There are civilisations millions of years ahead of us. Just imagine it!
And many others will be primitive, too! It doesn’t take much of an imagination to know we’ll subdue them…or be enslaved by those that are millions of years ahead of us!
Think of our place in the universe, we are a grain of sand, just one grain, in the entire Sahara Desert. There is so much to learn, and there are those that would show us. I am 100 percent convinced that life is abundant in the universe. Imagine if we found just one bacterium on a meteorite from Mars. Just one. That would be proof of life on TWO planets within our speck of sand. And that would mean, statistically….well….it would be staggering.
We are not meant to be alone. Maybe we can’t develop fully on our own. Maybe we NEED help to change our ways and evolve further. On a practical side, space has led to many medical advances. They don’t just go out and fix dishes on satellites, you know. The argument will always be that the money spent on space could do better going elsewhere. I understand that argument, but i think we NEED to expand the knowledge we have, to find new solutions. Just imagine if we could harness the energy from the Sun! We should explore our local star and see what we can obtain from it. The energy from the Sun could fuel everything we’d ever need, solve all of the world’s energy problems. If only we knew how–all that energy flowing into space. There will be those out there who know how to harness such free energy. It makes logical sense for our own survival as a species that we go looking for that knowledge.
Stellar energy is the logical solution. The power is out there all the time 24/7. There MUST be a way; we just don’t understand it yet. We’re not quite there. But look at our advances. Look at iPhones for example! Look back 20 years, see how we were then. I envisage that a civilisation a million years ahead of us, beyond war and beyond waste. We are still in our cradle, but we MUST take our first steps out and look further. There is just so much out there. We can’t blow the opportunity. If we stay put, we shall destroy ourselves eventually. There is science and physics out there that would appear to be magic to us, impossible achievements beyond our wildest dreams. Should we look inward and not take this chance to truly discover?
It’s our DUTY to go out into space and advance our species. Once we were sea creatures, but we tentatively peeked out to the shore and one day we walked upon it. Then we discovered fire, our first energy, and we learned to walk upright and build things. Then great ships were launched and sailed the seas. Human traits meant that we did some bad things along the way, sure, but in evolutionary terms our species is that of a toddler. Petulant, raw, needing moulding and grooming.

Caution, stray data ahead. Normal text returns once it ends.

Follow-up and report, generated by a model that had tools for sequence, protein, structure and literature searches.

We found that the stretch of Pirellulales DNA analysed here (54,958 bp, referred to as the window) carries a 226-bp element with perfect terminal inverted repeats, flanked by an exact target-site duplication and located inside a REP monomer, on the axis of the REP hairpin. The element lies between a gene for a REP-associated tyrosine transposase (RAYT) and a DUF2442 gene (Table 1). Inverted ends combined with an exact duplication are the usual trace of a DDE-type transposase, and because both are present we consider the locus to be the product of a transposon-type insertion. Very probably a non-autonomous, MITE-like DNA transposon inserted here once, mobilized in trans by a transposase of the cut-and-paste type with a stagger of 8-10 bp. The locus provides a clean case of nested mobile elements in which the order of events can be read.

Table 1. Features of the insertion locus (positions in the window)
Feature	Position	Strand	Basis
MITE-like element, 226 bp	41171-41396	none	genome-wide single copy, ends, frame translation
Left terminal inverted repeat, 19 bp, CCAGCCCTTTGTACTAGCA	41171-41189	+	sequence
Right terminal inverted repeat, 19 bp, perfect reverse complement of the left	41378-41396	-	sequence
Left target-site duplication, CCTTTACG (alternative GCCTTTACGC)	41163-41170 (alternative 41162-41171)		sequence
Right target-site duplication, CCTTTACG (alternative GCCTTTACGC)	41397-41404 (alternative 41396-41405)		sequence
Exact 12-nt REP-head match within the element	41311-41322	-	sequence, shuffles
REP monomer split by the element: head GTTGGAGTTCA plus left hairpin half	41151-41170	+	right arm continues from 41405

Ok… But why not search and develop here? Have we depleted all research capabilities?
Or better, shouldn’t we rectify our mistakes in plundering and devastation and resource depletion here first? Can we rise above the damage we have inflicted? If we are not alone and if they are there and are way more advanced, why have they not sought us out. Do you fear being enslaved or in a war?
Answer this please. I need answers…I need to be convinced we won’t seek and destroy. The best indicator of future behavior…is past behavior, you know.
They may well have found us. Perhaps we are still too immature to be introduced to the rest of the community of the universe. We might be like ants to them, still. Perhaps there is a rule that they don’t show themselves to us until we are ready. Who can tell, really? It’s all speculation. But my head AND my heart scream out to me that they are out there. In numbers. I just FEEL it. I love it, science with soul!! No, I don’t fear enslavement. Any civilisation that has advanced a million years beyond our own, maybe only a few thousand years, would have left the practice of war long, long behind. Or else they would have destroyed themselves by now. I don’t buy into the whole space invaders thing. And we can achieve so much more in space than we can do limited by the gravity and resources of the earth. It’s all there waiting for us to discover it. If nothing else, the discovery of other worlds and civilisations would be just what we need to realise our true place in the universe. Hey, maybe that would make our species grow up. Just what we need! Yes, there is a lot of romanticism, that’s something you can’t get away from. But we are explorers by nature, and we are developing. The two go hand in hand. It’s instinctive, scientific enquiry will always be there. I live with the hope we will find them. You don’t…you can’t find hope that we will explore in peace and with a desire for what they can teach us?
Hope? But hope can’t exist unless there is opposition to it. And I am not sure we, as savage humans, are ready to go beyond that hope.
© Mary Taylor